Police raid student protestors in regions
Amid growing protests over the government’s apparent inability to resolve unrest in Papua, the National Police have carried out raids against Papuan students across the country.
Oktavianus Pogau, a Papuan activist and law student at Indonesian Christian University (UKI), said police officers and Indonesian Military (TNI) personnel had raided houses rented by Papuan students studying in Jakarta.
The Papuan students had allegedly been involved in a series of protests in the capital.
He said that five Papuan students of UKI and Atma Jaya University residing in Tebet, South Jakarta, were forced to move to other residential areas after being “bullied” by three police officers and one TNI member who had forced their way into their residence on Thursday.
“With fully loaded rifles and pistols, they asked for personal identification and the students’ purposes for studying in Jakarta,” Oktavianus said on Monday.
Several unidentified persons, who Oktavianus suspected were “police officers dressed in civilian clothes”, had also been present around the hostel for several days before the raid finally took place.
Similar raids and acts of intimidation had also occurred in areas where Papuans had been living in Pasar Minggu and Lenteng Agung, Jakarta, as well as in Semarang, Yogyakarta and Bali, Oktavianus said.
Papuan Community Alliance Against Corruption (KAMPAK) activist Dorus Wakum said that the recent acts of intimidation allegedly perpetrated by the police and military might be a reaction to the students’ “vocal” approach in responding to recent human rights issues involving their homeland.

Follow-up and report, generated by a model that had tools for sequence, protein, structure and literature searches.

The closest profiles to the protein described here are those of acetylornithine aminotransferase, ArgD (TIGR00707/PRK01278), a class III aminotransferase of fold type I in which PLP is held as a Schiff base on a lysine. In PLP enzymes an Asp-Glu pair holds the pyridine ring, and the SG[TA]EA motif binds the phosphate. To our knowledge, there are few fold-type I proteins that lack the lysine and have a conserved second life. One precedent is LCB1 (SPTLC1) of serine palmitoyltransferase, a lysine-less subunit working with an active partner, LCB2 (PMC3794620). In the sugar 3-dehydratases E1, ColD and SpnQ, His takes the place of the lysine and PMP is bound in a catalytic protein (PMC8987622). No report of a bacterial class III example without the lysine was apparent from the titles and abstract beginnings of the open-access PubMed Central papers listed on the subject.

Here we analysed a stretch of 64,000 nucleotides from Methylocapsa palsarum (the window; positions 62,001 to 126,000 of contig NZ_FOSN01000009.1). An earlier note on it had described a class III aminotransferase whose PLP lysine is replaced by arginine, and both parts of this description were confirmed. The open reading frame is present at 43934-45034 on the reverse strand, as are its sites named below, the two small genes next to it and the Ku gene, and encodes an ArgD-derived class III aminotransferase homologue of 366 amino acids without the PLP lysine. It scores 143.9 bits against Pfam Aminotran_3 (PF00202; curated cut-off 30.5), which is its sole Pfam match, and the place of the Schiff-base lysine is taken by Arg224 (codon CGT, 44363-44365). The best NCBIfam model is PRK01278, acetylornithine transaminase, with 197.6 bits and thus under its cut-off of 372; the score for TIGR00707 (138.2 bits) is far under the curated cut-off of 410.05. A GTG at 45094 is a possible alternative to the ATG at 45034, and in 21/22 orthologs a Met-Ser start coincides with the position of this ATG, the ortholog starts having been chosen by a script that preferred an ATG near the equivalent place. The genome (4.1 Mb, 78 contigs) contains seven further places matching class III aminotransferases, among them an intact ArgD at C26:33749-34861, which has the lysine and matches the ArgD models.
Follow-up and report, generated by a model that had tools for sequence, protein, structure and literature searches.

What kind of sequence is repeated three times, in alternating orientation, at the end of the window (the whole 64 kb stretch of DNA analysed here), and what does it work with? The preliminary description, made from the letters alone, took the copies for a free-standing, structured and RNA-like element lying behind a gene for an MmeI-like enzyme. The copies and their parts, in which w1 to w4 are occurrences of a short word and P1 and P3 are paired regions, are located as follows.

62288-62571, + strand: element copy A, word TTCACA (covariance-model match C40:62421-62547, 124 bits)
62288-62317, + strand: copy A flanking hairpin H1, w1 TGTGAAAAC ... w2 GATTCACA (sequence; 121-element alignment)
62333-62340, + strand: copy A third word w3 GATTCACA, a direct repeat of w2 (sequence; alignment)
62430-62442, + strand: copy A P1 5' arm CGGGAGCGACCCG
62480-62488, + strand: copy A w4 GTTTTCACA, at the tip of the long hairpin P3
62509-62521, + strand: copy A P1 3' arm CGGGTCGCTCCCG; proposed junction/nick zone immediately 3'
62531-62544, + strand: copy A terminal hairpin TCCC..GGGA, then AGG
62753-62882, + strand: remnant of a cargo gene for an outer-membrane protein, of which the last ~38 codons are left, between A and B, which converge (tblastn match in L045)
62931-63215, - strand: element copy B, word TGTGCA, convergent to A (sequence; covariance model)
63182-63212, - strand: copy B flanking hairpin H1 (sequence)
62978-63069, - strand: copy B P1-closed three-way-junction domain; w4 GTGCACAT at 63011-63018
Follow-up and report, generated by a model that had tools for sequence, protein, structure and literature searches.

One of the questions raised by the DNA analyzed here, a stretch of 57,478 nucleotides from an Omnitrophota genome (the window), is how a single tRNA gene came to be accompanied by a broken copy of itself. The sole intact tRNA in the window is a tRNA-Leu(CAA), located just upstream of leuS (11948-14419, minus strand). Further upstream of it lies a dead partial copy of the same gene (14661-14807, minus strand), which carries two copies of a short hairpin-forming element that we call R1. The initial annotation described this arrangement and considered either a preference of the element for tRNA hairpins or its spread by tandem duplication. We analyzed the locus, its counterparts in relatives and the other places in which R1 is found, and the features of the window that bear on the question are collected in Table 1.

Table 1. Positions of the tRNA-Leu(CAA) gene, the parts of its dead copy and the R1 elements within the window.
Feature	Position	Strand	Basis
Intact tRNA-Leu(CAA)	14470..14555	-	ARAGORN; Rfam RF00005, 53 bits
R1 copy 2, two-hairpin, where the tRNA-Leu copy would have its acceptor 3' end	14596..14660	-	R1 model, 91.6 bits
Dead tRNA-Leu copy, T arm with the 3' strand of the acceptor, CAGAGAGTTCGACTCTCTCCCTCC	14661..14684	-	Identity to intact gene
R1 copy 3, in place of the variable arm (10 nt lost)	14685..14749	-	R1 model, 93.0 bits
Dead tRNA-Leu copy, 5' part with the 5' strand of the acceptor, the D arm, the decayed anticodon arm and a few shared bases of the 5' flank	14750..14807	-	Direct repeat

Papuan students in several regions have held rallies following a series of fatal incidents in the region over the past two months.
Despite a lack of clarity regarding who might have been responsible, the police have accused Free Papua Organization (OPM) members and dispatched additional Mobile Brigade officers to the region.
Papuan students in Makassar and Jakarta staged rallies on Monday demanding President Susilo Bambang Yudhoyono stop discrimination and violence in the region.
“The government’s repressive measures have resulted in the suffering of Papuans,” said Yuza, a protester at the Makassar rally.
Commission for Missing Persons and Victims of Violence (Kontras) coordinator Haris Azhar said that the raids were a form of systemic intimidation and terrorism against Papuans living outside Papua.
“The Army and police have violated Article 9 of the 1999 Law on Human Rights,” Haris said.
National Police spokesman Insp. Gen. Saud Usman Nasution told reporters on Monday that police had received reports that Papuan students residing in Tebet and Lenteng Agung were heavy drinkers who
often disturbed their neighbors.
Oktavianus lambasted Saud’s statement, calling the accusations “blatant lies disgracing the Papuan people”.
“These are clearly lies. There was never any drinking and we never did anything that disturbed the neighborhood. If there were such disturbances, the local residents could speak to us personally or send an official letter reprimanding such acts,” Oktavianus said.
“We are deeply embarrassed by these accusations. We Papuans always feel like we are treated as criminals and outlaws.” (sat)
Selected comments will be published in the Readers’ Forum page of our print newspaper.